Saving the planet starts with recycling, which has multiple benefits starting from conserving resources and saving energy, to protecting the environment and reducing landfill volumes. As of 2018, the formal sector in Egypt was said to collect 810k tonnes of waste annually with the informal sector collecting over 2.5 mn tonnes. Egypt is targeting an 80% rate for waste recycling rate over the next seven years compared to the 2019 rate of 20%.
Egypt has launched a number of initiatives to spur the recycling process: In March 2017, the government rolled out a “Sell your garbage” scheme, with kiosks set up across the city allowing people to deposit sorted waste of recyclables in return for money. This year, the Environment Ministry announced a three-year project valued at USD 3 mn in a bid to eliminate single-use plastic bags in the country. These initiatives are being complemented by other efforts to make the best use of waste, such as the “Zabaleen’’ neighborhood in Manshyet Nasser, where 60k garbage collectors recycle over 80% of their collected garbage every day, equivalent to 3k-4k tons.
The government has also sought to bring in the private sector: In 2012, the National Solid Waste Management Program obtained funding from the European Union and Germany to establish waste management departments in Gharbiya, Kafr El Sheikh, Assiut, and Qena, and contract the private sector to carry out the waste processing and recycling. The government would provide waste management companies with waste at no charge and lease them the land to build recycling facilities, whose byproducts they would then be able to sell. In some cases, companies are also contracted to collect the waste themselves. Qalaa Holding-owned waste management company ECARU was paid EGP 78 per tonne to process garbage, CEO Hisham El Sherif told Enterprise last year. Another company, Nahdet Misr (a subsidiary of Arab Contractors), was paid an annual fee of EGP 850k when they were hired in 2011, the company’s vice chairman Osama Elkholy also told us.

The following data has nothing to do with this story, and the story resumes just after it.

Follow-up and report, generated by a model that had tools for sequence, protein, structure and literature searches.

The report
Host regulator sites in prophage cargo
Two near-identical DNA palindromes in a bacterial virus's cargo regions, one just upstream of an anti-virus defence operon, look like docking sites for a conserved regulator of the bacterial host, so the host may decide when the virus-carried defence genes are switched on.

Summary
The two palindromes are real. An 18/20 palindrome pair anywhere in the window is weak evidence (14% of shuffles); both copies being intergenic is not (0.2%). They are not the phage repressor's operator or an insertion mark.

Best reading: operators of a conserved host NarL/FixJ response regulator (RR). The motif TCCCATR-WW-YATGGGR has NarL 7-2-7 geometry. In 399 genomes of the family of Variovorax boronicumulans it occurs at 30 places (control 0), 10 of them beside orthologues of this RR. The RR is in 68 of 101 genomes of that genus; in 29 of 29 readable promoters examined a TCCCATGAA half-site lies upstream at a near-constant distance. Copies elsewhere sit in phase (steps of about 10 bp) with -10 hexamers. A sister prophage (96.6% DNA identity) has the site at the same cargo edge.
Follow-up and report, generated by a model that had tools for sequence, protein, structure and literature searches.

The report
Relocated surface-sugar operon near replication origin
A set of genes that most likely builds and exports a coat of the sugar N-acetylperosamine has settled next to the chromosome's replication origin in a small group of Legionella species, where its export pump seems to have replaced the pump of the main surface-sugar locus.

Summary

Specific firms also run their own waste management platforms: The Ministry of Environment launched last April the PepsiCo platform “Recycle for Tomorrow” to reduce plastic consumption, targeting 8 mn kg of plastic waste produced by PepsiCo by the end of 2021 with EGP 10 mn allocated for the first phase. In the same month, German company Henkel and recycler Plastik Bank established three plastic waste collection centers to tackle plastic pollution, with plans to reach an annual collection capacity of 5k tonnes by 2023. In late 2020, Nestlé Egypt also launched a digital platform to boost plastic recycling, after identifying Egypt as one of the 20 countries worldwide that produces are responsible for around 50% of consumption of plastics. The company established the Reverse Credit System to register and document plastic quantities among waste collectors in Manshiet Nasser, who then get monetary incentives upon meeting their monthly targets.
If you’re interested in recycling, there are a number of initiatives that can help you out: Bekia offers to buy solid waste such as old electronics, plastic, paper, tin, and other items in exchange for basic goods such as phone credits, groceries or metro tickets. Go clean also allows its clients to exchange their plastic, paper and metal in return for cash or household cleaning products. EverGreen also offers to come to the customer’s doorsteps to collect all types of plastic bottles, paper, card boxes and aluminum tins or cans, while Men Jadeed also collects solid waste and allocates the revenues generated to finance the charity organization Resala’s activities.
And if you have a business: Go Green is an organization that collects waste from companies, factories and cafes as well as households in exchange for cash or other items.
And there are some even more specialized recyclers: RecycloBekia focuses on collecting and recycling electronic waste. Recycling cooking oil also offers to buy used cooking oil for EGP 2 per liter, while Green Pan offers the same service for both individuals and businesses.
The recycling revolution is hitting everything from fashion and accessories to furniture: Zabbaleen Products offers handmade eco-friendly items made of recycled materials by craftswomen affiliated with the Association for the Protection of the Environment in Cairo, with products sold in Europe and North America. Zebala store also takes all the plastic, paper and carton waste, recycles them and then sells the byproducts through their store. The upcycling design studio Mobikya is another green brand that utilizes solid waste materials, such as old tires and plastic boxes to produce pieces of architecture and furniture. Reform design studio creates fashionable items from clothes to furniture from waste, while Upfuse sells a wide range of sustainable and eco-friendly lifestyle products including bags, laptop sleeves, streetwear and footwear — all made of plastic bags and other plastic products — which the brand collects through sustainable collaboration with Cairo Garbage City, factories and donations.
Remember, sorting your trash is the first step: Even if you don’t plan on recycling yourself, sorting your waste into organic and non-organic recyclable materials can be a big help to the collectors who will process your waste.